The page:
Earlier this year Nissan's joint venture with electronics maker NEC Corp announced the plan to invest 12 billion yen ($115 million) to start mass-producing lithium-ion batteries, a technology widely viewed as vital to electric, hybrid and fuel-cell vehicles. The push into advanced lithium-ion batteries comes as Japanese automakers invest in an array of new eco-friendly car technologies amid soaring prices at the pump.
Nissan has been slower than rivals Toyota Motor and Honda Motor to embrace petrol-electric hybrids, but it aims to become the industry leader in electric vehicles. "Nissan firmly believes that the ultimate solution for sustainable mobility lies in zero emission and the hybrid is only a transitional technology," said an executive president of Nissan.
"Electric vehicles will be a key product breakthrough that our industry can deliver," he told reporters, adding that Nissan was ready to supply the batteries to its joint ventures worldwide, including Dongfeng Nissan, and to any other companies interested in the technology.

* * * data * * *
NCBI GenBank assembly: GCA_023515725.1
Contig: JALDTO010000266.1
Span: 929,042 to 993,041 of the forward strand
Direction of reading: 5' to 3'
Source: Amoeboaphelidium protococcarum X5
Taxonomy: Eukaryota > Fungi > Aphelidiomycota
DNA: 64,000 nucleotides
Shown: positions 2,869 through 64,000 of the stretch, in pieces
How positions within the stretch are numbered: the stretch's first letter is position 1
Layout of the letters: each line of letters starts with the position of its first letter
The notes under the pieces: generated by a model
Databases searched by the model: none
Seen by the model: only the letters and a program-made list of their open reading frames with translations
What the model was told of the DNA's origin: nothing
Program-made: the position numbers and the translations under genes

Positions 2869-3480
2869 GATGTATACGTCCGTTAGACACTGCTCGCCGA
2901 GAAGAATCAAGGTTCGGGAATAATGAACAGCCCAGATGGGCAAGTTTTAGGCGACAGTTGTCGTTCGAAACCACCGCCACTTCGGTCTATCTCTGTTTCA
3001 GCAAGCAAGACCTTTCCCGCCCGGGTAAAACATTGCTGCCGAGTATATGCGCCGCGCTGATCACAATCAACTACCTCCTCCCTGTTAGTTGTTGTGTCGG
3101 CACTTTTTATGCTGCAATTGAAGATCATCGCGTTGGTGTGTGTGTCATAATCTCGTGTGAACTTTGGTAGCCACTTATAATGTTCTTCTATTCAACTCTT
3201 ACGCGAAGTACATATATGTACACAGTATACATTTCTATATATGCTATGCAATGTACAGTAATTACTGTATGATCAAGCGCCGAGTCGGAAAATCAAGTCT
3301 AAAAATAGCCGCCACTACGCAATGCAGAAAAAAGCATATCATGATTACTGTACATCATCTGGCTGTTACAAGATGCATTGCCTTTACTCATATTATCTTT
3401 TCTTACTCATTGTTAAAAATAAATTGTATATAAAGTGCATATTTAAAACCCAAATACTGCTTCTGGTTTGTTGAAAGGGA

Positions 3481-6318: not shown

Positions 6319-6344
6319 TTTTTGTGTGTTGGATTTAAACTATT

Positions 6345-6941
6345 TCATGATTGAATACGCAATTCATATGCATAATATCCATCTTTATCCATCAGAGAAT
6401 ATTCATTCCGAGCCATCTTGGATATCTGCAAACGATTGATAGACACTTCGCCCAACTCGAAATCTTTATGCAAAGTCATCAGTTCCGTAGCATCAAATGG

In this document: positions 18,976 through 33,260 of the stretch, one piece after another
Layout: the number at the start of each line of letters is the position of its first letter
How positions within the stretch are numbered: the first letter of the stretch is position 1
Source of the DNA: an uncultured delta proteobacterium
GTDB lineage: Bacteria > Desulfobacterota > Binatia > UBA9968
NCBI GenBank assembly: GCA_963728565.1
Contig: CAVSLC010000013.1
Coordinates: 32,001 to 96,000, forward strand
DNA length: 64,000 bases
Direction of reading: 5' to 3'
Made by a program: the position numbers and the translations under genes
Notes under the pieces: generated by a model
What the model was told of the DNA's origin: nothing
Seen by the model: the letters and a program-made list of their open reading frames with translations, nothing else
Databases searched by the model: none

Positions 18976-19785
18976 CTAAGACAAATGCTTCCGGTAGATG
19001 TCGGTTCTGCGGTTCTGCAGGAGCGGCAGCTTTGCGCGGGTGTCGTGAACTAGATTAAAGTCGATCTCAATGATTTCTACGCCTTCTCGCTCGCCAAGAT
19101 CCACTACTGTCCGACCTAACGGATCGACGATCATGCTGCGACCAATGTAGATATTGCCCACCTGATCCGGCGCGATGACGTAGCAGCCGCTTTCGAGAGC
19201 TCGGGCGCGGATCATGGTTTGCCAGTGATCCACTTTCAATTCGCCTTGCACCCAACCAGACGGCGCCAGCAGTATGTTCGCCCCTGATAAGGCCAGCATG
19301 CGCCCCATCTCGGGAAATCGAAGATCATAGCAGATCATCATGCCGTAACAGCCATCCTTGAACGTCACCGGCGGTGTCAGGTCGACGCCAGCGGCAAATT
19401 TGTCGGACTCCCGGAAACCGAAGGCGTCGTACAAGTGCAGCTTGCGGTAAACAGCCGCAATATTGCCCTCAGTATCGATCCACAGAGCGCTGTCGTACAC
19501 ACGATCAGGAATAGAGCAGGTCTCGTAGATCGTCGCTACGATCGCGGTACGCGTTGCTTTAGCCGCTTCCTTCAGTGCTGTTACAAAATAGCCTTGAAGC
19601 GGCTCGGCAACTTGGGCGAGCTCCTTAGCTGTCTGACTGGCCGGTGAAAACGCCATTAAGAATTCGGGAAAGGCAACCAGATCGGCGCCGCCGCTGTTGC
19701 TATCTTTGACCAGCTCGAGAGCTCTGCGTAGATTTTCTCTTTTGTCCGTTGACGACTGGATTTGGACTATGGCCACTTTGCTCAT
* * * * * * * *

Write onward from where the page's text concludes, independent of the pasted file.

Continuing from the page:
The dream of an electric car, which has been around since the time of Thomas Edison, has so far failed to break into the mainstream because of limited battery life that makes such vehicles impractical for most purposes. Lithium-ion batteries are smaller and lighter than the nickel-metal hydride batteries now used in hybrid and electric cars.
Last month, Dongfeng Nissan had its 1 millionth car -- its latest X-Trail SUV -- rolling of line. The venture's current eight models include the sedan, SUV, MPV and Cross-over, with annual sales of over 300,000 units. The company aims to sell 500,000 vehicles annually by 2012. More than seven new models will be introduced by Dongfeng Nissan for this goal.
By George Gao From:Gasgoo.com